Mangroves lose protection
The National Environmental Authority (ANAM) reduced the boundaries of the mangrove protected area in Chame Bay, from 8,899 hectares to 6,774 hectares.
International companies pay best, hotel and restaurant
sector wages unimpressive
People who work in companies whose activities are international are those who earn more money in the Panamanian market, with an average salary of nearly $2,000. A labor market study conducted by KPMG, also revealed that the average wage in Panama is $541.50, and the economic activities that pay the least are hotels and restaurants ($485), agriculture, livestock and others ($228.3) and household activities ($203.8).
Bearer shares elimination bill gets through
Without fanfare and with little attention from the public, yesterday, the full National Assembly approved on second reading the bill that would allow the elimination of bearer shares. This is Bill 568, “which adopts a custody regime applicable to shares issued to the bearer” and puts Panama one step forward, as required by the Organization for Economic Cooperation and Development (OECD) to stop the country being placed on its list of alleged tax havens. It is claimed that a discriminatory cataloging may stop the arrival of foreign investment and trade relations with the member countries of the OECD.
Mexican FTA negotiations underway
Through tomrorrow, Friday August 2 the country is partitipating in the first round of negotiations for a free trade agreement (FTA) with the United Mexican States. The Mexican team will be led by the Deputy Secretary of Economy of Mexico, Francisco Leopoldo De Rosenzweig Mendialdua. At present, the business relationship between the two countries is governed by a Partial Agreement.
Facilitated entry for Spaniards
Panama needs specialists in different sectors, so it has changed its immigration rules to facilitate the entry of Spanish citizens. Such was announced in Madrid by the Panamanian Foreign Minister, Fernando Nunez Fabrega. In an interview with the news agency Efe, the chancellor stressed that Panama, “with these changes, has the broadest immigration regime in Latin America”, which allows applicants to have “30 days to obtain a residence permit and work.”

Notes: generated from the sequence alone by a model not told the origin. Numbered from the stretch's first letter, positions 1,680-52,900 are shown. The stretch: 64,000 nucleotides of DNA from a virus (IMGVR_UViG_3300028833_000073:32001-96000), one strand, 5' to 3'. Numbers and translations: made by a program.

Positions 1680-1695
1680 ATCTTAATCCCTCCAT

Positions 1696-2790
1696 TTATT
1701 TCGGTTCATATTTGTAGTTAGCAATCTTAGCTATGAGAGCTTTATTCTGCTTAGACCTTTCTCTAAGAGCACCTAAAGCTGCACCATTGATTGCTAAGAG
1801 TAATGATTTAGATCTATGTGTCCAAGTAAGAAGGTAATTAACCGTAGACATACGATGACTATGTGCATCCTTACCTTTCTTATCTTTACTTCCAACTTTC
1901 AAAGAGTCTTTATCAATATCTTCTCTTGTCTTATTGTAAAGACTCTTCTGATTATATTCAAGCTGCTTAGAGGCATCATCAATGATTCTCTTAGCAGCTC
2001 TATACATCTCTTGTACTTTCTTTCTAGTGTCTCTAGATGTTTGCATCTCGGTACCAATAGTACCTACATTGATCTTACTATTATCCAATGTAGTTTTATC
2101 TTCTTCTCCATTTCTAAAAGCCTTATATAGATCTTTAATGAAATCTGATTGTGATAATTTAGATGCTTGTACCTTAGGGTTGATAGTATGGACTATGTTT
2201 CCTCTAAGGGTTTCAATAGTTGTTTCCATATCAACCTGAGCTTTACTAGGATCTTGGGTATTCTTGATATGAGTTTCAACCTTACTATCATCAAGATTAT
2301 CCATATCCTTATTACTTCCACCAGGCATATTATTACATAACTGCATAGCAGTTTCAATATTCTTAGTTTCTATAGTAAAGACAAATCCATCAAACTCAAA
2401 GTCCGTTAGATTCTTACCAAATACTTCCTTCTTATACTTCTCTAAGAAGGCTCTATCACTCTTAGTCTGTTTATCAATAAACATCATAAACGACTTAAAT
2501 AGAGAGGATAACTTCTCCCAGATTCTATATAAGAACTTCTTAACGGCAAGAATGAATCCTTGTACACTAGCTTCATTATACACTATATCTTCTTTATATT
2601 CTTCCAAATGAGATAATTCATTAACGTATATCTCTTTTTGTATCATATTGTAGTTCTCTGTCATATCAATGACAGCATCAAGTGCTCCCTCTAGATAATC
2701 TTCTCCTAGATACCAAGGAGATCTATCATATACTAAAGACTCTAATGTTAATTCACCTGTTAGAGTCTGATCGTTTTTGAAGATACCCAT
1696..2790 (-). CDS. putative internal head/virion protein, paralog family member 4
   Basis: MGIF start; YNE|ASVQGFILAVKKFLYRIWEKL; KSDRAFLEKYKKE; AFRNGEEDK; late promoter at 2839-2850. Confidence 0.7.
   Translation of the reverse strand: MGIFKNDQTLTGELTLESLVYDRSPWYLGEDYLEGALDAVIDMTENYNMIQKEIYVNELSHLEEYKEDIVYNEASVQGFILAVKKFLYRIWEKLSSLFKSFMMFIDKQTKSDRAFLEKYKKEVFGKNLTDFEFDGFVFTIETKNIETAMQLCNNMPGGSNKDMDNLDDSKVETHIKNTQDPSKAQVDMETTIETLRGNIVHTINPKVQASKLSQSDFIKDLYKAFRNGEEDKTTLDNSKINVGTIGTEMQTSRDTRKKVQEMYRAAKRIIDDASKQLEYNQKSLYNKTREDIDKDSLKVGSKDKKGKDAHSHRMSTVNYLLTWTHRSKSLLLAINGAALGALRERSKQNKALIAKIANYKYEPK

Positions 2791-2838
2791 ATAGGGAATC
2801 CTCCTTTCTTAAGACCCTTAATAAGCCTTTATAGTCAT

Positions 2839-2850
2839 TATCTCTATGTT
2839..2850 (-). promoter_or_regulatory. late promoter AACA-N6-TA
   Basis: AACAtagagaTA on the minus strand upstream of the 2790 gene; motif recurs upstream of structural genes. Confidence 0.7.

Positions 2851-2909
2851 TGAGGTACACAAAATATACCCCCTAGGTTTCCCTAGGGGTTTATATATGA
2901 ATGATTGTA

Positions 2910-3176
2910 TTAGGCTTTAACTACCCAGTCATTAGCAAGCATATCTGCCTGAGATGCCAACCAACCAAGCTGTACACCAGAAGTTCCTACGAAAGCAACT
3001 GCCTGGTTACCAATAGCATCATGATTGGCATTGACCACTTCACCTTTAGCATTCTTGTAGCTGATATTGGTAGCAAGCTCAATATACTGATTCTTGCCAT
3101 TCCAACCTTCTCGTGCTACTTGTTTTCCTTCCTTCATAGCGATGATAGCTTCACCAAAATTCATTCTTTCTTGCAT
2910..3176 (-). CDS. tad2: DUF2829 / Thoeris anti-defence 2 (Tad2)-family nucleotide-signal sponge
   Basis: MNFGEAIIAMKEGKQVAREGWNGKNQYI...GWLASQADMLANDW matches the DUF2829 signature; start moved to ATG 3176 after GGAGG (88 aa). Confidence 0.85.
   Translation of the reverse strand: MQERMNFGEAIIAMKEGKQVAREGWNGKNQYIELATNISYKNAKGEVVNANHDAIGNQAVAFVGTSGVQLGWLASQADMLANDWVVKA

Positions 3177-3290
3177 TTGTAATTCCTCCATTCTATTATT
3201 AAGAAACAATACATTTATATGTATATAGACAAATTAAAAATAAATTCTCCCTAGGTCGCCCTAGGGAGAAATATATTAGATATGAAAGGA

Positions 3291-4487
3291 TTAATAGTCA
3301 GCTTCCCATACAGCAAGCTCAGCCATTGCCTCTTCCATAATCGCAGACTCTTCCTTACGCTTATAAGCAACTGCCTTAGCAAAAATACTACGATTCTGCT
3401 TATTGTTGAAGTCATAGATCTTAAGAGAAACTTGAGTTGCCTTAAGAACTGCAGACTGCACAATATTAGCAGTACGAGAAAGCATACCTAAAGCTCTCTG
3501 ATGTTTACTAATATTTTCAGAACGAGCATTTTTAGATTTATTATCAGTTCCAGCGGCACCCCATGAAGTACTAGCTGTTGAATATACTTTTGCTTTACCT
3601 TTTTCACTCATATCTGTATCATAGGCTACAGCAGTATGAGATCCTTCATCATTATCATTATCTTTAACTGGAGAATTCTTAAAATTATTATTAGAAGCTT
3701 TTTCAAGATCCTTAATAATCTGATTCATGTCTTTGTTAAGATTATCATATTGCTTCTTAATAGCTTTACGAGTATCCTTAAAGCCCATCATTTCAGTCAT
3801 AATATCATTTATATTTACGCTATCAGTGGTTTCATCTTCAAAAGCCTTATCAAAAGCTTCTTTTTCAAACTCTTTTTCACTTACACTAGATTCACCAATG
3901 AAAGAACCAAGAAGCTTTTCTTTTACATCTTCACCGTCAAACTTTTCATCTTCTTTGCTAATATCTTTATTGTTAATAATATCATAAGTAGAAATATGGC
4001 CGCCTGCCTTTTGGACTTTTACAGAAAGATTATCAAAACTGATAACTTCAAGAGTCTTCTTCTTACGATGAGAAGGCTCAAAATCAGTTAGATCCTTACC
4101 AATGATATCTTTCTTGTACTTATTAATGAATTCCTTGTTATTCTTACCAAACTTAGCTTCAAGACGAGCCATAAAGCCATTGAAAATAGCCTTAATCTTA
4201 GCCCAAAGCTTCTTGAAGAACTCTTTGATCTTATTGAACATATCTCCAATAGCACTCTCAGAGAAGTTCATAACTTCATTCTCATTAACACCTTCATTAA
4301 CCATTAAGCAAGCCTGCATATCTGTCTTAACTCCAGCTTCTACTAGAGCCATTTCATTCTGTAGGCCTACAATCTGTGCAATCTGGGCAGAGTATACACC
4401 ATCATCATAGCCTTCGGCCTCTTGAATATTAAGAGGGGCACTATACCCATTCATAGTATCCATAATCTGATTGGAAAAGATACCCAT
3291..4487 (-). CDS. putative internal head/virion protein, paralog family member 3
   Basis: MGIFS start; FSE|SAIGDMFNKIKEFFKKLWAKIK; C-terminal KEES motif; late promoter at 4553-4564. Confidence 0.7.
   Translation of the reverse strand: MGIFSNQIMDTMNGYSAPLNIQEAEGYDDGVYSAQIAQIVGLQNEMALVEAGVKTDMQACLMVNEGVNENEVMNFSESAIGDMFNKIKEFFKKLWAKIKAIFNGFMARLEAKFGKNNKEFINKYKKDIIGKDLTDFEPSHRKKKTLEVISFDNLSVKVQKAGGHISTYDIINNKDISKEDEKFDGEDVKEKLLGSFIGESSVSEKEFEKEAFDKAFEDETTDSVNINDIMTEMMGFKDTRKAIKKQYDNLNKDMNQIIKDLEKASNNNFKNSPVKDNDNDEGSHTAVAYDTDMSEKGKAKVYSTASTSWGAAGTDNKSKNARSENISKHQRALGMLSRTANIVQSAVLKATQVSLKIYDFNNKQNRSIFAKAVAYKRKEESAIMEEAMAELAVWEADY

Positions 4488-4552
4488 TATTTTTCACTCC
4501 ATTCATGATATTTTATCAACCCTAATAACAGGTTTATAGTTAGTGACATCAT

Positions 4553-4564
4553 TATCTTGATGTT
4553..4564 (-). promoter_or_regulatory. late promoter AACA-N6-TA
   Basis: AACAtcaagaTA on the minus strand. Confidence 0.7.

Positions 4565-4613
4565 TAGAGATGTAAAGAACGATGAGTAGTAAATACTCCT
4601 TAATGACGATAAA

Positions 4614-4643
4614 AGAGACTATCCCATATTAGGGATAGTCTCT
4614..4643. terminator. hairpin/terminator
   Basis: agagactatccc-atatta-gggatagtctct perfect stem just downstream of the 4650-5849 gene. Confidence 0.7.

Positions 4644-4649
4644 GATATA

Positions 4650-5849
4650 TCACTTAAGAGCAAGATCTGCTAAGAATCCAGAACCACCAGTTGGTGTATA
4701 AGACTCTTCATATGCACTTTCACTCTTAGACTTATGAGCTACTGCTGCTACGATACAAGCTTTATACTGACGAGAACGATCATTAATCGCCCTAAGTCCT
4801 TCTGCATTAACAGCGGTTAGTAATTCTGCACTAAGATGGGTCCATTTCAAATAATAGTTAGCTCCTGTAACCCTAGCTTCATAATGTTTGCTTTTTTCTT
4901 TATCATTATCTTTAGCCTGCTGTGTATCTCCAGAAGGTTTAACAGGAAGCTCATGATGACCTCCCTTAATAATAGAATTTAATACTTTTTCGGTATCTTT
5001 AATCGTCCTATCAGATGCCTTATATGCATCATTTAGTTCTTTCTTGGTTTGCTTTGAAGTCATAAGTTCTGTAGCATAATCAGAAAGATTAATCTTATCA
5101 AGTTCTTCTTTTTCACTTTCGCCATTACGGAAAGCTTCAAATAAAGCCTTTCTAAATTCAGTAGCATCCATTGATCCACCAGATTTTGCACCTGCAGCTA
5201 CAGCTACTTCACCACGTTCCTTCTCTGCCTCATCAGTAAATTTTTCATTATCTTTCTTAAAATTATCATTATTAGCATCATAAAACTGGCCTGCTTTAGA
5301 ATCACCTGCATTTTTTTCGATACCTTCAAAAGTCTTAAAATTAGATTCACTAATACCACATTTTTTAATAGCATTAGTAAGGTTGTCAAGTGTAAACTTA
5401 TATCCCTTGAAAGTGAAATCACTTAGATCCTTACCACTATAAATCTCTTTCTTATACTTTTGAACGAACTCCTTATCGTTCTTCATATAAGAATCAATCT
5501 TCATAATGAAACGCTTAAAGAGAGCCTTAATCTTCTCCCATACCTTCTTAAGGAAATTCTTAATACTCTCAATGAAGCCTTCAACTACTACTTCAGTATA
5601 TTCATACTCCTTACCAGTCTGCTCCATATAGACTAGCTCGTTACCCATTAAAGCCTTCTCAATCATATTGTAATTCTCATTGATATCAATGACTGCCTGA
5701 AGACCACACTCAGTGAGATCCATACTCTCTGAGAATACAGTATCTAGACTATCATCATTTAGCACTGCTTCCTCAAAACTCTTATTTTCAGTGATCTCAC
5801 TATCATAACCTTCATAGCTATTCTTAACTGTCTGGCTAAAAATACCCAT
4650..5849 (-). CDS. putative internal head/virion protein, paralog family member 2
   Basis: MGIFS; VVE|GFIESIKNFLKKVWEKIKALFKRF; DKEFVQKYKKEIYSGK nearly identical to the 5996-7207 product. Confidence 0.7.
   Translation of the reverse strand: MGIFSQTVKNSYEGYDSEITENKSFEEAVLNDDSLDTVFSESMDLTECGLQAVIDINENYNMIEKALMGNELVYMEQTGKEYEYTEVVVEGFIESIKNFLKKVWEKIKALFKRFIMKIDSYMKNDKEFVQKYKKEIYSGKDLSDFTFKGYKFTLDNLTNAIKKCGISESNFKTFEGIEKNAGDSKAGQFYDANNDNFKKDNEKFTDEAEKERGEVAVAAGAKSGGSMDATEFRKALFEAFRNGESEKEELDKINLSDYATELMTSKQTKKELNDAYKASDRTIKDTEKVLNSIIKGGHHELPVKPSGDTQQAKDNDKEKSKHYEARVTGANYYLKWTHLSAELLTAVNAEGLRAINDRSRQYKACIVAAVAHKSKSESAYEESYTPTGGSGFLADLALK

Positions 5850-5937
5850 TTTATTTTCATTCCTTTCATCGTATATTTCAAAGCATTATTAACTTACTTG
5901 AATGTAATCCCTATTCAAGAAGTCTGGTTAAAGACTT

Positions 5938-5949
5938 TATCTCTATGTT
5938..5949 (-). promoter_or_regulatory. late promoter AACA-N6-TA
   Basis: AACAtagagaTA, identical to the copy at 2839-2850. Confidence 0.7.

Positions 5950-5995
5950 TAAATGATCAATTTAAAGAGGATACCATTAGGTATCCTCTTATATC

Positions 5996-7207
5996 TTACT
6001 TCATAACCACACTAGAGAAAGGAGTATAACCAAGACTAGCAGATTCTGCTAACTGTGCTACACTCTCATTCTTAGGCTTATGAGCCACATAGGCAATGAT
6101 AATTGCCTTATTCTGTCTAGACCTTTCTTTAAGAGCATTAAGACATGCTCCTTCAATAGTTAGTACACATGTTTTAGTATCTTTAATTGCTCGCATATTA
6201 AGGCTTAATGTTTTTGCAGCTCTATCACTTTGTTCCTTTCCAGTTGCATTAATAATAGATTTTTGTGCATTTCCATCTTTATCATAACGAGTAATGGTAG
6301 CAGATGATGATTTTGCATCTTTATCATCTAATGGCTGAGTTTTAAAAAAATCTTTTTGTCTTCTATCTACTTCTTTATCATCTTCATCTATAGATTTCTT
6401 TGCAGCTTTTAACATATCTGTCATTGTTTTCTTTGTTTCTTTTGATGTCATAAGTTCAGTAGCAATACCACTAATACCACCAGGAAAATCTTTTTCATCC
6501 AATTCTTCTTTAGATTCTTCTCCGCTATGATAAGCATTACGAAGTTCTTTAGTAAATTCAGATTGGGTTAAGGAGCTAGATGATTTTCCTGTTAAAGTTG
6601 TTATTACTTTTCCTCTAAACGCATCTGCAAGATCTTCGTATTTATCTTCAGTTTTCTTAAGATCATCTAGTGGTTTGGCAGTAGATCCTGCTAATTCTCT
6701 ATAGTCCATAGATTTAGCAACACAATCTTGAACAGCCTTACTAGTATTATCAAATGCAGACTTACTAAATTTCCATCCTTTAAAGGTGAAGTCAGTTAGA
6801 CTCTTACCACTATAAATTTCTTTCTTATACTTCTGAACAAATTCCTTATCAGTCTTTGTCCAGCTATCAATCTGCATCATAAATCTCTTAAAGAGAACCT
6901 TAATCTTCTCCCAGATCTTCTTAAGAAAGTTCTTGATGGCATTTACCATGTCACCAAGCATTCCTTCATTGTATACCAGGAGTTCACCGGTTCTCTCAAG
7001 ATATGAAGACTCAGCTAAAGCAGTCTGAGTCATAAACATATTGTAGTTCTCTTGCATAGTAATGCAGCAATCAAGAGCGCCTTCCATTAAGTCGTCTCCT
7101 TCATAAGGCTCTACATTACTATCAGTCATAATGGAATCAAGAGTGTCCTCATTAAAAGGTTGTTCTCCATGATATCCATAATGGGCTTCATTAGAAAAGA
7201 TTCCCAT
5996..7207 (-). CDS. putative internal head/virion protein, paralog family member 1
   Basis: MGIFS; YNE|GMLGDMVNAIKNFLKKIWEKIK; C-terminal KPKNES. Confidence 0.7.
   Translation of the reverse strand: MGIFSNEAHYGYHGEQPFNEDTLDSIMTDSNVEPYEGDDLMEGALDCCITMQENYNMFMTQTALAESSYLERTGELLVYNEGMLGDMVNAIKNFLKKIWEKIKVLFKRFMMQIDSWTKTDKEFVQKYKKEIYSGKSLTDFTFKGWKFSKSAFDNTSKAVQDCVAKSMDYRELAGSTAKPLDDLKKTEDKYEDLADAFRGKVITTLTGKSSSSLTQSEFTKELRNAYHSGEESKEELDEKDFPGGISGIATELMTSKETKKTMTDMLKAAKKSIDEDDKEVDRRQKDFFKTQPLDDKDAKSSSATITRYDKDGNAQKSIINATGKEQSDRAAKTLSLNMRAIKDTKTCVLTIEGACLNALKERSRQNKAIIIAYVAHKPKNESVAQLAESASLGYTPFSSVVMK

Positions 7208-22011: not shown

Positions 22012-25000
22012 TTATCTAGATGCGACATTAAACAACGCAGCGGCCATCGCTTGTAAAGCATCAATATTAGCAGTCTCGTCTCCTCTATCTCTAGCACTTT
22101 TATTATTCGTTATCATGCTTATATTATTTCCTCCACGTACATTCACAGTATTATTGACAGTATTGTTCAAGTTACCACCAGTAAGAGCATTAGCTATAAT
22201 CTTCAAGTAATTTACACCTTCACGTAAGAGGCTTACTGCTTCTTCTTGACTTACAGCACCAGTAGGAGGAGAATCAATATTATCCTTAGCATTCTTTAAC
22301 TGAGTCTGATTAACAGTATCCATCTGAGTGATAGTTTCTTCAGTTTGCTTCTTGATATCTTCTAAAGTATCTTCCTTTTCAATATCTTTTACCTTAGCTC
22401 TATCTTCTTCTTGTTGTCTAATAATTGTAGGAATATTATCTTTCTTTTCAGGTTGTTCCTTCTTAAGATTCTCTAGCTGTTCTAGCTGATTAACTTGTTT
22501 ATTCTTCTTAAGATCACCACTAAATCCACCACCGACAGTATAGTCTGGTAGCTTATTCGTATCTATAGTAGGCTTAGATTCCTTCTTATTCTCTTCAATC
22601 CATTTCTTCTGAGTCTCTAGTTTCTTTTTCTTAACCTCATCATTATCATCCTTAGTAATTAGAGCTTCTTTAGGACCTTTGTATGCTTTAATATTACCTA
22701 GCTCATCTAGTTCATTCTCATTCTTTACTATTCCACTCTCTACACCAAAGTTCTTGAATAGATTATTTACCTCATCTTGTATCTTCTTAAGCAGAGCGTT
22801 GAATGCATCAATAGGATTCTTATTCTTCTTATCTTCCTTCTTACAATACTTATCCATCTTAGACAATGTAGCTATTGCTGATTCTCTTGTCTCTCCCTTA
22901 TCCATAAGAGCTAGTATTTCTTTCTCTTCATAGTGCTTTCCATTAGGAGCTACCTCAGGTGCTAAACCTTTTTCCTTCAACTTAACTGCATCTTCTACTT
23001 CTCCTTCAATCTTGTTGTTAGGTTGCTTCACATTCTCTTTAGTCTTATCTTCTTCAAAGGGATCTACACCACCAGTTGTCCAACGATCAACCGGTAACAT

Two more Causeway lanes go to bid
The Ministry of Public Works (MOP) began the process of bidding for the expansion to four lanes of the Amador Causeway. In the specification, published on the website PanamaCompra, MOP requested architectural studies, engineering design, construction, improvement and expansion of the road between the roundabout at the Monument to the Flag and the entrance to Flamenco Island.
CFZ’s grievance with Colombia makes its Geneva appearance
Users of the Colon Free Zone (CFZ) are waiting for conversations by representatives of Panama and Colombia at the headquarters of the World Trade Organization (WTO) in Geneva. “We hope that the two countries can reach an understanding, and that Colombia removes the tariff that has been imposed on footwear and textiles re-exported from ZLC,” explained Luis German Gómez Giraldo, president of the Colon Free Zone Users’ Association (AU).
Growth at 7.5%
The Panamanian economy grew by close to 7.5%, as projected in a report by the Economic Commission for Latin America and the Caribbean (ECLAC). The agency lowered the country’s growth forecast of 8% in April to 7. 5% in July, i.e., reduced it by half a percentage point. Despite this, the country will be second in regional growth surpassed only by Paraguay with 12.3% and followed by Peru with 5.9%. Panama also grows more than Chile (4.6%), Bolivia (5.5%), Nicaragua (5.5%), Colombia (4%), Argentina (3.5%) and Brazil (2.5%).
Genetically modified corn will be feed for Melo livestock
According to the daily Panama America, between August and September, some 25 producers will start growing genetically modified maize. Bienvenido Pereira, Manager of Product Line Protection of the Melo import company in charge of the genetically modified hercules type corn (GMO) said that the producers were selected as the acres where the grain is grown will be used for animal feed.
Canal transits down
The transit of vessels through the Panama Canal decelerated by 7.1% in the first quarter of this year compared to the same period of 2012. Economic indicators of the Comptroller’s Office reveal that toll revenue in the first quarter of 2013 was down $461,200, a decrease of 1.2%.